The other night, I was reading through the cover story for this month's issue of The Atlantic, The Bad Guys Are Winning by Anne Applebaum. I got to the part about Russia helping to provide the autocratic guidebook to Belarus' dictator, Alexander Lukashenko, in order to crush the protests in the country. I got this feeling in my core that I was at my limit of bad news for the day. This month's Atlantic is full of depressing material, including even a story about a boxer that killed another boxer in the ring and then resumed his career boxing (and was even directed by a Christian pastor to do so).
I went upstairs and got on my iPad to check my email. I had a weekly article roundup message from the Matter service. The first story being promoted was called "The Case for Optimism." It struck me that this was exactly what I needed to be reading. I saved the article to Pocket to read later on my Kobo. It turned out the article was written by Kevin Kelly, the founder of Wired Magazine, and a technology optimist. Kelly is also just a glass half-full guy in general. In the piece, that he wrote for Warp News, a few months back, he lays out his case for looking on the bright side. While I was reading the article, and before I had realized who Kelly was, I had a little skepticism about what he was writing. His projections for a better future were highly speculative, although they were based current and very possible upcoming technological advances. It reminded me a bit of those who predicted that the rise of computers and automation would give us humans more leisure time only to be proven not only wrong, but wrong in the completely opposite direction. As many an article has explored recently, we've mostly taken automation and efficiency and filled up whatever time it's given us often times with more ways to be available for work (though I am blessed to work for a company with a good culture around work/life balance).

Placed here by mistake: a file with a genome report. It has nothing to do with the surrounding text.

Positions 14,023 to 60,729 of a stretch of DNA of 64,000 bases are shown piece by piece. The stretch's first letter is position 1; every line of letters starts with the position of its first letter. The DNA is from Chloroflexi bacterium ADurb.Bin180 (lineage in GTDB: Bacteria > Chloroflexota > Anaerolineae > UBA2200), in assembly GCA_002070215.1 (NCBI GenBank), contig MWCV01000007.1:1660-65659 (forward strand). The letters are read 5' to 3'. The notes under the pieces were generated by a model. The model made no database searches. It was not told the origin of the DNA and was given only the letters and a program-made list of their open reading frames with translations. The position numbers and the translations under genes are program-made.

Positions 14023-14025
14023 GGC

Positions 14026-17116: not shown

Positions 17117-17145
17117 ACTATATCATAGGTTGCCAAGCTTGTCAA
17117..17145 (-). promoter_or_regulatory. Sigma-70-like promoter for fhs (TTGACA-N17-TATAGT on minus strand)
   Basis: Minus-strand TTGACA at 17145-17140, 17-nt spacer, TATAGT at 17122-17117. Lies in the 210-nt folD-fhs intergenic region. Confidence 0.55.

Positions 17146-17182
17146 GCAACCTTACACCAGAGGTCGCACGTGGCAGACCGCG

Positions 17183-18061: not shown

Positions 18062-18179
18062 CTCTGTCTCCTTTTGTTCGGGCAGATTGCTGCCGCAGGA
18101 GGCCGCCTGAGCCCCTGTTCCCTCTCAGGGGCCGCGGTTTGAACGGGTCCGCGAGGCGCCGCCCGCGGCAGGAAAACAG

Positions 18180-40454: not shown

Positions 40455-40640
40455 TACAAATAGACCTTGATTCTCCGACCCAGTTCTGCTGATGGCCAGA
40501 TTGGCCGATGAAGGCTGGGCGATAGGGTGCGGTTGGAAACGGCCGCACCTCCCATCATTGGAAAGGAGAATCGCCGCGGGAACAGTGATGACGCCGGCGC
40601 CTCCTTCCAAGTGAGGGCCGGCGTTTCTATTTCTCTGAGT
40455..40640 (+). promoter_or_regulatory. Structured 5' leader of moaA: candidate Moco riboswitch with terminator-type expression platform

When I got to the end of the article, I read the bio and realized who it was that had written the piece. I wrote a blog post earlier this year about a wager that Kevin Kelly made years ago, based on similar technologically-driven optimism. When examining Kelly's claims now, it's important to remember that, after 25 years, the outcome of the wager was barely decided in Kelly's favor, despite the fact that his opponent, neo-Luddite Kirkpatrick Sale, had predicted nothing less than societal collapse. If that doesn't make you wary of accepting Kelly's claims uncritically, I don't know what would.
Kelly makes prognostications such as ubiquitous AI replacing jobs that humans don't want to do, while humans are left for "innovation, entrepreneurship, art, caring, hospitality, science and discovery." We don't value those who make art, provide care and hospitality services now and I'm not sure how advances in AI are going to change that dynamic and mentality. He also mentions universal connectivity enabling cooperation at a scale never before possible. If something like Facebook is to be taken as an example of universal connectivity (and it probably should be, since it has the largest user base of any communications platform), then greater connectivity will lead to greater division and deception.
I hate to be a downer and feed the stereotype of the pessimist that Kelly creates. It's hard not to be, though, because the techno-utopian dreams that have been constructed have gone so wrong. In the end, though, Kelly thinks we'll be able to solve the problems that have arisen from technological progress.
We should be optimistic not because our problems are smaller than we thought, but because our capacity to solve them is larger than we thought.
I would love to believe this overall premise, but it hasn't been born out by the events of the last few years. Even scientific miracles like hastily created mRNA vaccines can't succeed if the people involved in ensuring their success don't perform their part in that process. It seems as if technological advances of the last few years have only served to shine a spotlight on our broken humanity. None of what Kelly brings up convinces me that's going to change anytime soon. I'm glad that my hope does not stem from technology or people.